What’s New?

Revised Criminal History Regulations Approved for California Employers

by Jennifer Shaw and Julienne Correa | | August 11, 2023

Big news.

The California Civil Rights Department has approved proposed changes to the regulations applicable to the use of an applicant’s criminal history in making employment decisions. The revised regulations are effective on October 1, 2023.

So, what do you need to know?

  1. You still cannot inquire about an “applicant’s” criminal history prior to making a conditional job offer unless doing so is required by law, such as when hiring teachers or law enforcement officers. The revised regulations make clear that this prohibition applies for all job advertisements, postings, and applications, and even if the applicant voluntarily discloses their criminal history prior to receiving a conditional job offer.
  2. The term “applicant” now includes existing employees who may be placed in a different position, or subject to review due to a change in the employer’s “ownership, management, policy, or practice.” This revision is important because it clarifies when employers may consider a current employee’s criminal history. 
  3. Before you deny employment based on the applicant’s criminal history, you must perform an “individualized assessment” to determine the impact of the criminal history and whether there is sufficient justification to reject the applicant. The current regulations state that in making this assessment, you must consider (a) the nature and gravity of the offense, (b) the time that has passed since the offense, and (c) the nature of the job held or sought.  Considerations relevant to these factors may include the conduct that resulted in the conviction; whether the applicant harmed property or people; and the extent of the harm.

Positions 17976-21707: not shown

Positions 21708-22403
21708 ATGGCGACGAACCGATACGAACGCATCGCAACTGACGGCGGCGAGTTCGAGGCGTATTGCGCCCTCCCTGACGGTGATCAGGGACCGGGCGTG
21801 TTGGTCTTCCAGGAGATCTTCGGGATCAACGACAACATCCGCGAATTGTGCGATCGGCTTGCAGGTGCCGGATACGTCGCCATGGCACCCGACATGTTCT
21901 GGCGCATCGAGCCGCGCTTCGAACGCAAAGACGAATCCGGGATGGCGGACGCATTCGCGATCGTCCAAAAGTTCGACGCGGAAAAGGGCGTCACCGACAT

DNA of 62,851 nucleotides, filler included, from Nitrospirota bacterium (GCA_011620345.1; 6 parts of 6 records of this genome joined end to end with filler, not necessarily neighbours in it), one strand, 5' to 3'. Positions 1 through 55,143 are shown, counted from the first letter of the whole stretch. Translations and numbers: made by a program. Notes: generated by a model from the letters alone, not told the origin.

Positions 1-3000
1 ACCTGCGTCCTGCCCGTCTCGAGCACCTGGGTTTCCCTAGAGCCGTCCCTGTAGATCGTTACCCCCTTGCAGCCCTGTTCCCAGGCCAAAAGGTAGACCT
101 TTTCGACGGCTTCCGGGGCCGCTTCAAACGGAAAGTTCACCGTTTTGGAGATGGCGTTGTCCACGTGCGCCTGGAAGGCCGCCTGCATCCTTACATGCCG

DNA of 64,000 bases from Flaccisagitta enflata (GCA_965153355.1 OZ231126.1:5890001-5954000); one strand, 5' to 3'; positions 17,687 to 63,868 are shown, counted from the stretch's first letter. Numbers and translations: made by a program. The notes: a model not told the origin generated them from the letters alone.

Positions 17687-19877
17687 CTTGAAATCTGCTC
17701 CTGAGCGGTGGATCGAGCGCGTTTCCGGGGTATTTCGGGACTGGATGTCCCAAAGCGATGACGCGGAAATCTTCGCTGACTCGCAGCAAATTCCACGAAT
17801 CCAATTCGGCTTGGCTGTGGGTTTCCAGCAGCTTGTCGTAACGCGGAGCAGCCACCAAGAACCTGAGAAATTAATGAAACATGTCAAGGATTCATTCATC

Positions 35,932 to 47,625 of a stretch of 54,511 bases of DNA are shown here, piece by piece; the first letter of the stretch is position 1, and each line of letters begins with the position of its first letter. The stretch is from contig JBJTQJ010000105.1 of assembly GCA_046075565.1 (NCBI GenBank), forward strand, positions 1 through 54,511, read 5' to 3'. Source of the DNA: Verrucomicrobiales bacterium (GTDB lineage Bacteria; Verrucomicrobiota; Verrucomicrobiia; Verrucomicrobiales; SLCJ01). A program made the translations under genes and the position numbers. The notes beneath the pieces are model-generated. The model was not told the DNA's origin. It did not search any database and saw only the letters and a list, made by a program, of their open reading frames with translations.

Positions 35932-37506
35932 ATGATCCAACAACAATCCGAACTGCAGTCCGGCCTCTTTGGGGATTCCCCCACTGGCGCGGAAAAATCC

4. Once you provide the applicant with written notice of your preliminary decision to withdraw the job offer based on their criminal history, then they can challenge the accuracy of the conviction information, explain their rehabilitation efforts, and/or detail any mitigating circumstances that might change your initial assessment. Considerations relevant to this step may include whether the applicant has a disability that contributed to the offense, and if so, whether a reasonable accommodation could mitigate or eliminate the conduct; whether trauma, domestic or dating violence, sexual assault, stalking, human trafficking, duress, or similar factors contributed to the offense; the applicant’s age at the time of the offense; and the applicant’s self-improvement efforts.

Applicants must respond to the preliminary notice within five business days of receiving it, unless you give them more time.  If you send the notice via email, it is deemed received two days later.  They may voluntarily provide documents to demonstrate why you should hire them anyway. But you cannot require an applicant to provide specific documentary evidence, or condition the job on the receipt of specific evidence.

  1. After receiving the applicant’s response, you must reassess and consider the new information prior to making a final decision. You must provide the applicant written notice of your final decision, whether you decide to rescind the conditional offer of employment.
  1. You may (but are not required to) use the sample notice forms available on the Civil Rights Department’s website.

Here is a link to the revised regulations..

Call your favorite employment lawyer if you have questions.

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